After researching so many of these robo-advisors, a lot of the sites I came across began to look the same. A lot have similar layouts, similar risk scores, and diagnostic questions that are so similar they are almost word-for-word. This is why, for millennials especially, it is important for a site to have a feature which allows the firm to stand out. For WealthFront, their defining feature is their results page. WealthFront offers a colorful, eye-catching infographic to display the risk score, and investment recommendations. This infographic is easily digestible, and offers a splash of color to the monochromatic aesthetic most financial websites feature.
Nutmeg Online Investment Management differs from the previous examples in small, yet significant ways. Firstly, the website’s font is playful, and there’s a lot more color on this site than others that I’ve looked at. Color is always a plus for breaking up monotony and making the question-answering process less dull.
Another aspect that made this site stand out are the options provided for the user from the get-go: the visitor decides whether they’d like a “general,” “ISA,” or “pension” account, then offers the option of making a goal with the investment account.
Hands down, my favorite part about Nutmeg’s robo-advising site is that the template is highly reminiscent of a social media profile. The site offers options of editing your “Nutmeg Pot,” complete with a goal, name, and target, positioned at the top-left of the page. It reminded me immediately of creating a username and short description that would be displayed on the top/left of social media profiles like Twitter, LinkedIn, or Instagram. The template is not only easy to read and edit, but the setup is logical, with name of the users’ “Nutmeg Pot” and target at the top of the page like a personalized header.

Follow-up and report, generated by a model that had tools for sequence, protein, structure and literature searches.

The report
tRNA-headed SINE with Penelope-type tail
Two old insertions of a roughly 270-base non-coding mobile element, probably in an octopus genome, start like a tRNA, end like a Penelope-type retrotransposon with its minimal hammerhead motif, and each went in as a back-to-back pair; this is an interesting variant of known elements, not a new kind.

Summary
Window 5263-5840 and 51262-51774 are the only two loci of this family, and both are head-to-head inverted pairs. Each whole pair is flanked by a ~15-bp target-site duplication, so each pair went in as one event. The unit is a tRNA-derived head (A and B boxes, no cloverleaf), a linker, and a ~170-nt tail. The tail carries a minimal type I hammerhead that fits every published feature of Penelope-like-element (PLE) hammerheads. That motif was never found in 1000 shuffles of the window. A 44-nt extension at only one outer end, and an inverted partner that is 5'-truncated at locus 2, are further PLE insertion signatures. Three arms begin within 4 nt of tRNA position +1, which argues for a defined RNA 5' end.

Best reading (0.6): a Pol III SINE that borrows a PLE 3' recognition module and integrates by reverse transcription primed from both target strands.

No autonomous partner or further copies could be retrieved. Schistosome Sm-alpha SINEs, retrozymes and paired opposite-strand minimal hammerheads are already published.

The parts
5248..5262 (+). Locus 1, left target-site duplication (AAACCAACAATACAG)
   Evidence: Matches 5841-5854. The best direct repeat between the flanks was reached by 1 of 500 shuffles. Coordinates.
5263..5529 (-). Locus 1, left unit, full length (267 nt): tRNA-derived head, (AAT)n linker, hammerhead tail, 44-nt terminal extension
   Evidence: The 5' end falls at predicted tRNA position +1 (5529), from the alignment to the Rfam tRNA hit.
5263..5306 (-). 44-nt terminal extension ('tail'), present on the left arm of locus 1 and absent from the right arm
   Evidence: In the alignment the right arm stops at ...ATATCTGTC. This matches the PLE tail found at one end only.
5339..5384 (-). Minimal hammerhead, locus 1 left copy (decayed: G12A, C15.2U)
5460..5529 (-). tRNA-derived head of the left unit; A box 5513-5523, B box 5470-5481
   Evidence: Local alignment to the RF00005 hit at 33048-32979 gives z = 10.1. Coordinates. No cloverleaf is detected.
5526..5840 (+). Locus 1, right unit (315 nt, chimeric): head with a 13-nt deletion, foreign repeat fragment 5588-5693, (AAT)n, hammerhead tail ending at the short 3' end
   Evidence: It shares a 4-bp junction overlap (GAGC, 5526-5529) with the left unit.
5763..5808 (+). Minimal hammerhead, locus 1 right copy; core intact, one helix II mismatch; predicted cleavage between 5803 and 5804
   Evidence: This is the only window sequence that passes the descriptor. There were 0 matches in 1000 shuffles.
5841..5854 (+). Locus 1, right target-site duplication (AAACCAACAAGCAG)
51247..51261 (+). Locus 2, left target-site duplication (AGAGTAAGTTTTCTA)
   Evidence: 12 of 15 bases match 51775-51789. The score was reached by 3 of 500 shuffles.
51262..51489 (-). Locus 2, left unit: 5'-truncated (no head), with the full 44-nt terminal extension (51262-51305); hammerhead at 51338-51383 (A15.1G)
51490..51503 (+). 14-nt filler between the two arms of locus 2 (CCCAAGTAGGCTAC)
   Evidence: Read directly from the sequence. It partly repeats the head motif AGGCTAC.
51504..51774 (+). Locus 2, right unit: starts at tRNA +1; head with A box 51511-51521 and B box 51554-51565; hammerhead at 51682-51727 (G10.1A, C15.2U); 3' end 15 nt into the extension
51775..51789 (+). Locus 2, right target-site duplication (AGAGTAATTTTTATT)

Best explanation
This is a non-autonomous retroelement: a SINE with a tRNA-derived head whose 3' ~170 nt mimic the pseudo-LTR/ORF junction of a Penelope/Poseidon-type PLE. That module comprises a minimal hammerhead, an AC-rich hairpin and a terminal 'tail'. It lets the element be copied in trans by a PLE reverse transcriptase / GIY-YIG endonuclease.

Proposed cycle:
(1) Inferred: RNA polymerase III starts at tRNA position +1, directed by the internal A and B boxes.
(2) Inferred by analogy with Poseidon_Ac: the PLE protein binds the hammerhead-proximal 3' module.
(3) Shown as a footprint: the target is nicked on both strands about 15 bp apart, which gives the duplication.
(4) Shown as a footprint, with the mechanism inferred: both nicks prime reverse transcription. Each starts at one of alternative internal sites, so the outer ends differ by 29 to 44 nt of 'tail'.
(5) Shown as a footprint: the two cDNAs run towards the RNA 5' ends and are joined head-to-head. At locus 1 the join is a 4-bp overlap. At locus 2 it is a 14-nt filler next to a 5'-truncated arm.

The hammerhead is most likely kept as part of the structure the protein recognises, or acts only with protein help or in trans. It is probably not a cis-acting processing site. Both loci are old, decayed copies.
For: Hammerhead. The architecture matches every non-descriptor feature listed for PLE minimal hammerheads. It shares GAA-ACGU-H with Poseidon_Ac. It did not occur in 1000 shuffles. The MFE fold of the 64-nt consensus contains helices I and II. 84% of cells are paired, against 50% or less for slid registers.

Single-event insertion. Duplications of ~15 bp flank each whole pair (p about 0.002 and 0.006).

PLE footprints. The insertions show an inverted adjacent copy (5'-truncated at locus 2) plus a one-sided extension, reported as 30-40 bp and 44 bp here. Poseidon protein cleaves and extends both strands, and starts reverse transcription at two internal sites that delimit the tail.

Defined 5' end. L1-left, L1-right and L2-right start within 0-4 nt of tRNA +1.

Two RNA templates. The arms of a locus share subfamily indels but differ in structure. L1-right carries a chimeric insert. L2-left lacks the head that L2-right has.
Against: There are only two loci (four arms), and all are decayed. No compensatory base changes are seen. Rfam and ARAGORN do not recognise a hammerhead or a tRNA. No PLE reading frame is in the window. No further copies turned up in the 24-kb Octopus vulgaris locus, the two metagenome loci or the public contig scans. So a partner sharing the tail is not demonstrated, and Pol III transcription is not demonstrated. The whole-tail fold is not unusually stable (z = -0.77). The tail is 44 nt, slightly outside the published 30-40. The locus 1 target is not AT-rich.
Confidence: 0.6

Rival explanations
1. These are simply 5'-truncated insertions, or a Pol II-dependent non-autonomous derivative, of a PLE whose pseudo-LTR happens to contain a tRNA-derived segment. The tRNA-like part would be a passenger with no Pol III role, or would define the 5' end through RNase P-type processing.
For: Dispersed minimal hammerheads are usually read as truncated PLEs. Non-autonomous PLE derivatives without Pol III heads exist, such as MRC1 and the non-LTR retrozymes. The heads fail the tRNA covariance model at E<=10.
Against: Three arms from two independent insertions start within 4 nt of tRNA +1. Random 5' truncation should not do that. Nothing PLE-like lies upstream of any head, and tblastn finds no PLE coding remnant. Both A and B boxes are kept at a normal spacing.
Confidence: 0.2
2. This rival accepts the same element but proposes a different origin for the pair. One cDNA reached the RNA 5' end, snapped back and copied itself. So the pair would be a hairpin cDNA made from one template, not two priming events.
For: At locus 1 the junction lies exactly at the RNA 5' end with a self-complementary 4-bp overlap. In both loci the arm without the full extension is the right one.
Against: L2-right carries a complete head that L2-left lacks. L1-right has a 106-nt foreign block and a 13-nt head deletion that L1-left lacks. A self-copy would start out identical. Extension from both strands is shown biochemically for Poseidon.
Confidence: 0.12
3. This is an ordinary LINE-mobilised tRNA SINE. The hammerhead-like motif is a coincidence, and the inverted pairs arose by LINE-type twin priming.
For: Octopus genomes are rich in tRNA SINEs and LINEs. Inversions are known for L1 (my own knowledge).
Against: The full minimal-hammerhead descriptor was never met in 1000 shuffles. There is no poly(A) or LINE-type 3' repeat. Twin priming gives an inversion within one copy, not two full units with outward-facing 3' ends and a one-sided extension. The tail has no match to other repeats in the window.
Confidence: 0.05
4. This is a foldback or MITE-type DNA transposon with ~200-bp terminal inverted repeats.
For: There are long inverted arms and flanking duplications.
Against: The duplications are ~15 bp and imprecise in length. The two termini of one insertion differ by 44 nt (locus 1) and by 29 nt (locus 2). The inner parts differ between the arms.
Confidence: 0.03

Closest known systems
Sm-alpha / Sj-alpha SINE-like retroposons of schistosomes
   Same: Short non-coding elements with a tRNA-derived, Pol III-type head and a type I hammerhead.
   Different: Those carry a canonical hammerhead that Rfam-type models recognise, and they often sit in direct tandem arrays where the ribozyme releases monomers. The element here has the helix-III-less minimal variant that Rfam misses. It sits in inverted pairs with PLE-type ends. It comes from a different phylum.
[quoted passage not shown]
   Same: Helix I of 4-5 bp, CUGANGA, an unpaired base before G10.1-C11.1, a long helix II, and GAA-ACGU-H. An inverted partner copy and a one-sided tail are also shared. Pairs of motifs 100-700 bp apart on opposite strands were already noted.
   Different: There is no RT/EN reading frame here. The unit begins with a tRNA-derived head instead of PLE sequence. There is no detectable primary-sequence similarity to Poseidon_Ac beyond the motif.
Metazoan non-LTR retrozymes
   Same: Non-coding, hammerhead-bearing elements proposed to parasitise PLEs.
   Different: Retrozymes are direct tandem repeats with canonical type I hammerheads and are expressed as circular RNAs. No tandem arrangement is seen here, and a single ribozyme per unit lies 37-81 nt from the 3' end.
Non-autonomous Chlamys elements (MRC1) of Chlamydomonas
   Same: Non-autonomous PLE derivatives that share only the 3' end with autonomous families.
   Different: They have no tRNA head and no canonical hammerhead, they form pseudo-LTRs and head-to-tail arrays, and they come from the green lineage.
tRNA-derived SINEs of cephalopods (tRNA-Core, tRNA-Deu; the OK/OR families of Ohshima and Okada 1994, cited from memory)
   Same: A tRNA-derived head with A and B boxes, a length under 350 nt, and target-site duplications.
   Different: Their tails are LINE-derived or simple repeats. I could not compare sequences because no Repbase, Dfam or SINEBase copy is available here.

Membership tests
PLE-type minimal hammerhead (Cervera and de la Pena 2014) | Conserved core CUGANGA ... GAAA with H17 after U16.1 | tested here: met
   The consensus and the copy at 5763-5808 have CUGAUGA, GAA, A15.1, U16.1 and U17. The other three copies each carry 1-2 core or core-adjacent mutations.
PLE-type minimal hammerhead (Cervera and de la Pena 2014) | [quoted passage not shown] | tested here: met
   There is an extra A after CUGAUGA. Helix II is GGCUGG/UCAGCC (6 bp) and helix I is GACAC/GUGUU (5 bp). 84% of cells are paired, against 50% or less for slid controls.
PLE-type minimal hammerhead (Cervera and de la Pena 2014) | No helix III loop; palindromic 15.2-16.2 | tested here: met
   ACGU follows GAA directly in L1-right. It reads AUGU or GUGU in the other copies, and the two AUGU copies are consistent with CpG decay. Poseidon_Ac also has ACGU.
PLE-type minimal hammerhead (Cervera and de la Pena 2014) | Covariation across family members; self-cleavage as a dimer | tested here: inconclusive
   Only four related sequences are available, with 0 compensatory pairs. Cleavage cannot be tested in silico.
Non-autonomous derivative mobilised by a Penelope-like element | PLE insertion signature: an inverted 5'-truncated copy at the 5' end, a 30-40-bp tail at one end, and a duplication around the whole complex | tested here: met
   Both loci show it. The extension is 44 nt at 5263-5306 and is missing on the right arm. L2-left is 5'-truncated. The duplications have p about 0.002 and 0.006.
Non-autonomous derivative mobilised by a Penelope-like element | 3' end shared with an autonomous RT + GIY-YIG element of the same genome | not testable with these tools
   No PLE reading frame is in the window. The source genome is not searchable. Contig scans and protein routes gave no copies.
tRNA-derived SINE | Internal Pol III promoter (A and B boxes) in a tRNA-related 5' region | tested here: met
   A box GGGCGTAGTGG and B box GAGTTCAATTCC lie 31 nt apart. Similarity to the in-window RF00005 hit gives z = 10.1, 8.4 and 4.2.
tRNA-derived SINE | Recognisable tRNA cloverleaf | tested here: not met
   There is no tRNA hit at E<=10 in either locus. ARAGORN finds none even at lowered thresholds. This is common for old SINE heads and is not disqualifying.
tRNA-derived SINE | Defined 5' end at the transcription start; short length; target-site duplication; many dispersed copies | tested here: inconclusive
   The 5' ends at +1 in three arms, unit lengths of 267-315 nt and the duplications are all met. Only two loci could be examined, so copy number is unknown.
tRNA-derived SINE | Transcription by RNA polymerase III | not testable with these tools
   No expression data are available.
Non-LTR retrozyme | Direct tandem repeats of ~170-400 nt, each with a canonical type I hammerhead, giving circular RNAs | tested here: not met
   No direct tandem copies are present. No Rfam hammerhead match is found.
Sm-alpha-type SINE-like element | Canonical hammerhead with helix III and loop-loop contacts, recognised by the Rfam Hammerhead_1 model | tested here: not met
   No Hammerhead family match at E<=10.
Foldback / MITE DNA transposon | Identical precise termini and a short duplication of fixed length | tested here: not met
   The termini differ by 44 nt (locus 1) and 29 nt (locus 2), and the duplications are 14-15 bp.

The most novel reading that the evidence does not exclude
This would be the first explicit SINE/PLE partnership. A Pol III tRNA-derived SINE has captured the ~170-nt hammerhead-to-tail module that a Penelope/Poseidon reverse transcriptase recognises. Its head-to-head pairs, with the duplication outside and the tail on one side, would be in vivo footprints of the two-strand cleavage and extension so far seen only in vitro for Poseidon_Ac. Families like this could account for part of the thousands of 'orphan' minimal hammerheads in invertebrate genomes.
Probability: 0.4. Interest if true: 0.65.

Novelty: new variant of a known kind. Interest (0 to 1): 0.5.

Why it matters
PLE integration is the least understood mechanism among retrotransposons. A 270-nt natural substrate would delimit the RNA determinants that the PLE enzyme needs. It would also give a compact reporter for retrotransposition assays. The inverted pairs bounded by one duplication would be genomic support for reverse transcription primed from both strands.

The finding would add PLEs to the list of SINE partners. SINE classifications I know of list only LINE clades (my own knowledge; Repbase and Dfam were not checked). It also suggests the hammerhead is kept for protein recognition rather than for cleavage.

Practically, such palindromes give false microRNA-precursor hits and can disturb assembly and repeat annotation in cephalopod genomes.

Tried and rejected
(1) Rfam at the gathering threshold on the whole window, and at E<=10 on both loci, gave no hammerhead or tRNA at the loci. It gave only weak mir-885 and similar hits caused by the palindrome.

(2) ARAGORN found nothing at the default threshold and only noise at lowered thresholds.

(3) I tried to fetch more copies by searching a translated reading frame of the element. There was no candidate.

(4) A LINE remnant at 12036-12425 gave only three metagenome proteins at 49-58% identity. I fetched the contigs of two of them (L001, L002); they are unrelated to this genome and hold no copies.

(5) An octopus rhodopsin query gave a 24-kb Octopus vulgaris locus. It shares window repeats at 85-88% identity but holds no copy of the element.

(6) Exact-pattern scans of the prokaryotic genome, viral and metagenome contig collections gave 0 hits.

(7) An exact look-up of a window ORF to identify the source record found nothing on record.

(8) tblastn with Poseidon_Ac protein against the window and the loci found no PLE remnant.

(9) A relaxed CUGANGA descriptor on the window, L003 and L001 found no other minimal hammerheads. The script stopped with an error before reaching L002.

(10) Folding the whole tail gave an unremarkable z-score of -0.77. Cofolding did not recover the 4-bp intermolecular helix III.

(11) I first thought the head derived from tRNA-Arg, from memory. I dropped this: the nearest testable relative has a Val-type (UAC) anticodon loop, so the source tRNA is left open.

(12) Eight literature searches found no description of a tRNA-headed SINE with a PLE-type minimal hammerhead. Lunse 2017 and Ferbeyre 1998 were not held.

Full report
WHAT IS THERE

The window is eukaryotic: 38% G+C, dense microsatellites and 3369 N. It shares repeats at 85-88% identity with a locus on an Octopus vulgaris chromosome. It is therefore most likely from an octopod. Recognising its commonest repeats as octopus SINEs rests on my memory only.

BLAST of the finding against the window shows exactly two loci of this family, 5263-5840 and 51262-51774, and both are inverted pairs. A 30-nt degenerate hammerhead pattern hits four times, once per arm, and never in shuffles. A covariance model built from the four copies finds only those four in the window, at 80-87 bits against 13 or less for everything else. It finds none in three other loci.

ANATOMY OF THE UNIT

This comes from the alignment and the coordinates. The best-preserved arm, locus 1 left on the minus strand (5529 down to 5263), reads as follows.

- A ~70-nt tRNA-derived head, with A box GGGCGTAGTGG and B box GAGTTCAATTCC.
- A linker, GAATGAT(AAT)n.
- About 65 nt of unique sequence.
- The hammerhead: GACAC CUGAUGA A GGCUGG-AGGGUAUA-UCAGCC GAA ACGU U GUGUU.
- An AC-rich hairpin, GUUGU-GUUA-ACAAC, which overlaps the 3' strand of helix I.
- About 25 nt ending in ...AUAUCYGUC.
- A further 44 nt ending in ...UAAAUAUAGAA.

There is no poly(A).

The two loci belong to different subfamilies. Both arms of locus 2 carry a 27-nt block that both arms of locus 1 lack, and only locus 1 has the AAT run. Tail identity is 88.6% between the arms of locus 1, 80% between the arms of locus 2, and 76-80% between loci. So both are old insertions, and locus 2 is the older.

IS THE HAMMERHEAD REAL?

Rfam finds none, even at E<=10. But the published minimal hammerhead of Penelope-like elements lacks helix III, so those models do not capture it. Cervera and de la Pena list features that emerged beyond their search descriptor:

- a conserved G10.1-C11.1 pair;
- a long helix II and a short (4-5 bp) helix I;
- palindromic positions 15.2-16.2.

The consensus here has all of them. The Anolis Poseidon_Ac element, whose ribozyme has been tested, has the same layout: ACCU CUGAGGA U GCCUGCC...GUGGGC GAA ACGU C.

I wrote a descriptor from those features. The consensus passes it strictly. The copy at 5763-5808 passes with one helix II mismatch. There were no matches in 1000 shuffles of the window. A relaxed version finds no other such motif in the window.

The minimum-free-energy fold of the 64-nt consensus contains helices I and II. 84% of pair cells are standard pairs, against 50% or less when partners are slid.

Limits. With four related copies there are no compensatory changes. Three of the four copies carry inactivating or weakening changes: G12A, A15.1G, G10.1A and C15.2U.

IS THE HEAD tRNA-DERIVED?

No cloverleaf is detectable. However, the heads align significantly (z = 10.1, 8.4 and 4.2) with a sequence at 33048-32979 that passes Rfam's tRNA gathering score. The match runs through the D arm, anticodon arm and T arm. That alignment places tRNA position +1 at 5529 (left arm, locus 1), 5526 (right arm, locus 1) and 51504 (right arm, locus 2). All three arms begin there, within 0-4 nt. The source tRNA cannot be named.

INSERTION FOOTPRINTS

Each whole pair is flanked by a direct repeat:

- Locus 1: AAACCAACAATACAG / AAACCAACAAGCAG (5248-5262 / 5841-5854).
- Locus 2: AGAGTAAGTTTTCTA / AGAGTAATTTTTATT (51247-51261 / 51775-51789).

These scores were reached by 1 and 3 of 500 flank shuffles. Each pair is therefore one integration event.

Upon scrolling down is where the user gets to set more specific timeframes, contributions, and risk level.
After entering the preliminary info, Nutmeg provides the user with a beautifully designed infographic displaying their projected portfolio. The site offers detailed descriptions of the projection, portfolio, and investments. In my opinion, Nutmeg is the most aesthetically pleasing and coherently designed. The fact that this financial profile is so highly reminiscent of a social media profile makes it incredibly translatable and acceptable by a millennial audience. What really sets Nutmeg’s robo-advisor service apart, for me, is the customization element that other advisors lacked. Getting to name your own “Nutmeg Pot” and the ease with which you can edit your timeframe, etc. makes Nutmeg the #1 robo-advisor on my list.
To conclude, I will say that many banks offering robo-advisors I have researched are doing well in terms of aesthetic choices; these sites are clean and modern, and make investing money easy for anyone to understand (even financially illiterate millennials!) However, I think many of these robo-advisors could offer more in terms of visuals, both in the form of infographics and for design aspects. My human-advise to a robo-advisor trying to gain new millennial clientele would be to have a site which stands out in some way, no matter how small (i.e. Nutmeg’s option to “name your pot.”)
Do a bit of research on competitors; familiarize yourself with the repeated elements featured on almost all robo-advisor sites, and brainstorm ways to present that information in a new, fresh way. This could be anything from rewording a question, to switching up a font, adding a background image or colorful charts and graphs. If you want to attract millennials specifically, it would be helpful to take pointers from social media sites. The small elements of personalization can take an automated, robotic service, and turn it into a more individualized experience.
Are there any millennial-friendly robo-advisors that we missed that you think deserve a shout-out? Let us know in the comments section, or tweet us at @kurtosys.